It’s been a nice start to 2015, even with temperatures dipping into the cold, single digits this week.  Please, everyone, make sure those of you who have pets that spend time outside have convenient, warm and consistent shelter during these turbulent, winter months.  Hypothermia cases do happen and are certainly life threatening, so please be cognizant and aware as you yourself shiver and slurp down hot toddies (for the individuals who partake is such beverages).

These words will not be uniquely regarding freezing temperatures and their negative consequences.  I recently had two cases, each similar in clinical appearance, that reminded me of words spoken by my epidemiology professor (epidemiology: the branch of medicine that deals with the incidence, distribution, and possible control of diseases and other factors relating to health)  in veterinary school.  He said, “common things occur commonly”.  I always thought that was the most lame of statements and it wasn’t until I began practicing veterinary medicine that those words gained clarity.

A common condition I see is animals infested with Ctenocephalides felis, the famous cat flea (which also does love the flavor of dogs and other creatures).  Now, there are lots of folks who have told me that fleas are not active during the winter.  This, I have found to be patently false.  My experiences have shown me that not all winter seasons are the same, with some months being warmer/colder that others.  I have seen lawns during the week of Christmas display green grass and people meandering about only wearing light jackets.  Infestations can exist in basements, garages, sheds, any structure at all.  Basically, no state of nature can conceivably eliminate an insect pest for a specified duration of months. 

Fleas can cause a condition abbreviated as FAD (flea allergy dermatitis).   Dogs and cats with FAD display common clinical signs such as the following:  pruritis (itchy) along the spine especially at the base of the tail.  Scabs and crusts will be present along the spine, concentrating at the base of the tail and these sometimes extend down the backs of the rear legs.  When a patient presents with these clinical signs and there is no history of flea prevention, then FAD is 1, 2, 3, 4 and 5 on the list of differentials (what could be going on).  It’s also 6th but I think that may be a bit too repetitive.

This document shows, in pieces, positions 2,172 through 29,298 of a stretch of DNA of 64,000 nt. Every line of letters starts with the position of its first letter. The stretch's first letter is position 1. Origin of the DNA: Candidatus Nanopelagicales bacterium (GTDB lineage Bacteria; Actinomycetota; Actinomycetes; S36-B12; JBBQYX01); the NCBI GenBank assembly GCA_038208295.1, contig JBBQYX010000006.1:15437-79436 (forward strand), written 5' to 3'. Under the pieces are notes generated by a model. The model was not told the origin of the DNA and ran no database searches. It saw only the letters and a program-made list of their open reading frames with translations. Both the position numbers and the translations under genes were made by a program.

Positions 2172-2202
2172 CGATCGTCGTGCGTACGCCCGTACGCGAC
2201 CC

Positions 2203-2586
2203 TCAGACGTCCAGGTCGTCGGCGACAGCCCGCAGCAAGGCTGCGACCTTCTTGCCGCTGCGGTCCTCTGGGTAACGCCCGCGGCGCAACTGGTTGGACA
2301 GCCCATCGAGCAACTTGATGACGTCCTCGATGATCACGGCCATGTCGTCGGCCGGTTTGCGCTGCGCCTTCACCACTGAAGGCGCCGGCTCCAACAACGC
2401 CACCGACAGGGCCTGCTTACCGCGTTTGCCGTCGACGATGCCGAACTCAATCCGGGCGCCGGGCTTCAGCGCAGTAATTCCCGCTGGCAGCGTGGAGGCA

Recently at the hospital, during a winter that has seen us getting dumped on by 37 feet of snow and nailed with frostbite inducing cold, I came across two patients exhibiting sign of FAD.  Following is a brief excerpt from the pursuant transcript:

Me:  “This looks just like a flea allergy dermatitis.   Somewhere Lickalcious** got himself exposed to a flea or two”.

Client: “Can’t be fleas, Doc.  There’s snow on the ground and I haven’t seen a flea on him in 10 years”.

Me:  Thought bubble –> “Common things occur commonly……” and “Lickalicious** is only 6 years old”.

An empowering, satisfying victory is when one can prove oneself in the face of overt skepticism.  My first diagnostic test in this case was to use a technological marvel that takes years of training to develop the skill necessary to understand it’s nuanced existence.  I used a flea comb.  Aaaaaand, I found 2 live fleas.  🙂

The owner stood there, mouth agape, and appreciably winced when he heard the high pitched, chitinous crunch of the doomed flea’s exoskeleton succumbing to my mighty fingernail’s will on the unyielding stainless steel exam table.  I sort of expected to get a “he picked those up here!” rebuttal but alas, I did not.  We gave a steroid injection for immediate itch relief and started the pooch on appropriate flea prevention.  Lickalicious** stopped itching the next day and everyone was very happy.  Except the fleas.

All the best from us here at the VVC of H and hopefully good things will commonly occur for you and your family!


**All names have been changed in order to protect identities.  I just like the name Lickalicious.